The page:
Some NGOs, particularly in Nordic countries, have chosen to publicise the results of corruption cases as well as the anti-corruption policies that they have implemented. For example, DanChurchAid (DCA) has a website page detailing corruption cases within the organisation and how they were dealt with. Despite the financial crisis that began in 2008, DCA increased its 2009 budget to 498 million DKK (about $123m), a third of which came from private donors (the same proportion as in 2008). Being transparent about corruption does not appear to have negatively affected donor perceptions of DCA. Nonetheless, many NGOs believe that reporting cases of corruption is a major risk with potentially irreversible consequences for humanitarian organisations and their activities. They fear that such cases can undermine their credibility and reputation (particularly with the media), as well as discouraging public and private donations. In France, the Prometheus Foundation, a group of the largest French private companies, including oil, health insurance and pharmaceutical firms, has issued an ‘NGO Transparency Barometer’. The methodology, based only on available public data from NGOs’ websites, has been openly criticised by Coordination Sud, the French NGO forum.
To open up the debate on corruption and to promote preventive measures, Médecins du Monde (MDM) led a study in 2008 which aimed to interview the 17 largest French NGOs regarding their perceptions of corruption, their approaches to field work and appraising and managing risks, and the procedures they had in place to minimise and prevent such risks. Surprisingly, 11 of the 17 NGOs contacted refused to participate in this (strictly confidential) study. Among NGOs that agreed to take part, most recognised that cases of corruption were part of the significant operational challenges around humanitarian aid. The study confirmed what TI had already demonstrated: that humanitarian operations are most vulnerable to corruption in the procurement, transport and distribution of medicines, food, building materials and other consumables, particularly in large, rapid-onset emergencies.
It is also important to remember that most emergency situations occur in countries where corruption is already widespread. The great majority of agency staff questioned in the 2008 study believed that corruption was primarily contextual in origin. Over half had witnessed incidents of corruption, been offered bribes or asked to pay them or had been invited to participate in corrupt activities.
NGOs need to ensure that they are well-informed about the nature and level of corruption in the countries in which they operate. This can be done by using, among other sources, Organisation for Economic Cooperation and Development (OECD) and TI reports on corruption levels. Although NGOs are unlikely to be able to address the root causes of ‘contextual’ corruption at a country level, individually or directly, by working with other NGOs and civil society it may be possible to mitigate the impact on humanitarian operations and local governance. In Bangladesh, for instance, 66.7% of households experienced some form of corruption when trying to access public services. Forty-eight percent of those interviewed encountered corruption in the health service, primarily bribery and nepotism. The most obvious examples were doctors charging for prescriptions and referring patients to their private clinics, and patients having to pay extra fees for tests in government hospitals. Community action at field level resulted in the creation of Committees of Concerned Citizens (CCCs), which acted as watchdogs on local governance and attitudes in both the education and health sectors. This led to dramatic improvements in the quality of care, and significantly reduced bribery, nepotism and negligence.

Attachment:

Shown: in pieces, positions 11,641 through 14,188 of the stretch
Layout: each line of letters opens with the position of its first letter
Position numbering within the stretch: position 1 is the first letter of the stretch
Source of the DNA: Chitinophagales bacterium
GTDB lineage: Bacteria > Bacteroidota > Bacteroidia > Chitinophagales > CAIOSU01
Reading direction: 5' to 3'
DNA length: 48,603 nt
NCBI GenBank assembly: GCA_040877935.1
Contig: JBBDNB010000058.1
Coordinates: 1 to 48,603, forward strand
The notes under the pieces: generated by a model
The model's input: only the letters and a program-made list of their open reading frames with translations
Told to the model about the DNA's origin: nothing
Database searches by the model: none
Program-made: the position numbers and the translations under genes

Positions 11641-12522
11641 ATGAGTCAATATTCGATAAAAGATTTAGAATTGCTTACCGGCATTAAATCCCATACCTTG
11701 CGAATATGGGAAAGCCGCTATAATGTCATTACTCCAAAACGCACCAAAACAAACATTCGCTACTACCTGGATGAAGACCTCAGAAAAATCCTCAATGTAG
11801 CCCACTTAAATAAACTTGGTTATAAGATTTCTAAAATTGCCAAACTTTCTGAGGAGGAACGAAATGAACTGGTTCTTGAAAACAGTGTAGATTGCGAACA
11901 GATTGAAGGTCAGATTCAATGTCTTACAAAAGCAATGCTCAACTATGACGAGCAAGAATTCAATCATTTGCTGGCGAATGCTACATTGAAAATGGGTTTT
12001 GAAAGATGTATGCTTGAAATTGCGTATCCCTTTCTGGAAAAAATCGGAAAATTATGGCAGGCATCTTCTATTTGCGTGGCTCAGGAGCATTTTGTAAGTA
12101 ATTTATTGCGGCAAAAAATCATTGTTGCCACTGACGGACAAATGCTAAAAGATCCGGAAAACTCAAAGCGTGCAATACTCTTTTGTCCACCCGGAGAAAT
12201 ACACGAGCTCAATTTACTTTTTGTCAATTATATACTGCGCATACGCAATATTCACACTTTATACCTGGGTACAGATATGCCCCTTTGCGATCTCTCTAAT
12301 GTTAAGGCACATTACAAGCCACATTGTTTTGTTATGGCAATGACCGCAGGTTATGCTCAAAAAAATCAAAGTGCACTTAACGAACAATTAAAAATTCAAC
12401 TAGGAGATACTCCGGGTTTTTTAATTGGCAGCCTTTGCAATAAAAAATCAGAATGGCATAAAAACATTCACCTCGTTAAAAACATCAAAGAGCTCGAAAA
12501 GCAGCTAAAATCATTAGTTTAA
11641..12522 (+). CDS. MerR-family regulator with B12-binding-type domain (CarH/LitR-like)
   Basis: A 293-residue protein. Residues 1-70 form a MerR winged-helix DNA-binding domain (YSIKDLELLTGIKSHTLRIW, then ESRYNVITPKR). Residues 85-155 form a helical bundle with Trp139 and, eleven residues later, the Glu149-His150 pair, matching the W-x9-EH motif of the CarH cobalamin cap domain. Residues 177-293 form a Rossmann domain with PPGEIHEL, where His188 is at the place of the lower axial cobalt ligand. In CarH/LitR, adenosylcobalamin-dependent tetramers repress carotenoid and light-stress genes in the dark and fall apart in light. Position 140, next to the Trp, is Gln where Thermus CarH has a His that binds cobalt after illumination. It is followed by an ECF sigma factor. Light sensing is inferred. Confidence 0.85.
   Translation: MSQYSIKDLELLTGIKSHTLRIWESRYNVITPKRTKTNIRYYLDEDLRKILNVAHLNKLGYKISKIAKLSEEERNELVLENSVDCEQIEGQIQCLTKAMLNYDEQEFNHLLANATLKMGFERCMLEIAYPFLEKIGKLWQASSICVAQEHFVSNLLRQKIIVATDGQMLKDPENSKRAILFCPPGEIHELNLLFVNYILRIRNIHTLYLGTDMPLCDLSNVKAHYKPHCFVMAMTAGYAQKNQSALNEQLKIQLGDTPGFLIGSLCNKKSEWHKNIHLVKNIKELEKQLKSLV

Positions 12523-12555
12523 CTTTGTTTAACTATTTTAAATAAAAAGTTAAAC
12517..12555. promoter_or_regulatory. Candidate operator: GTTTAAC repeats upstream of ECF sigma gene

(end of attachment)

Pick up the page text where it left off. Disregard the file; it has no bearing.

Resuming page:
At the international level, TI has just finalised a practical guide to identifying the weak links in the humanitarian response system in order to improve awareness and as far as possible prevent corrupt practices. The guide also devotes significant attention to how to monitor and evaluate anti-corruption measures. Several NGOs, notably from English-speaking countries, participated in the development of this document, which is more technical than political.
In 1997, the Ethics and Transparency Committee of Coordination Sud drafted a charter of good practice. Most large French NGOs are members of the Comité de la Charte, an independent organisation whose aim is to promote financial transparency. NGOs belonging to the committee are required to have their activities (financial and operational) audited each year by a certified auditor. NGO programmes and accounts are also subject to various external audits (several per year) commissioned by donors including EUROPAID and ECHO, as well as by the Cour des Comptes (the government audit office). In addition, most French NGOs have established internal control mechanisms which enable information from the field to be verified and cross-checked.
One of the lessons of the MDM study, which has also been confirmed by TI, is that it is extremely important for field teams to have appropriate and clearly defined intervention strategies, good knowledge of the field context and training on how to identify and reduce the risks of corruption, particularly operational risk factors associated with the procurement, transport, storage and distribution of relief goods.
As a complex global phenomenon with significant local consequences, corruption is a critical aspect of humanitarian thinking and action. Good governance and transparency are at the heart of NGO legitimacy. NGOs must work with Transparency International, the OECD and other institutional partners and private donors in order to fight corruption effectively. Strengthening community involvement in the implementation and evaluation of humanitarian (and development) programmes improves the ‘acceptance’ of NGOs by the beneficiary population and helps to mitigate against corruption and promote better local governance. We need an open debate on the risks of corruption and how to address them, without undermining donor funding to and beneficiary confidence in NGOs. As well as strictly operational considerations, corruption constitutes an important ethical and political challenge for humanitarian NGOs.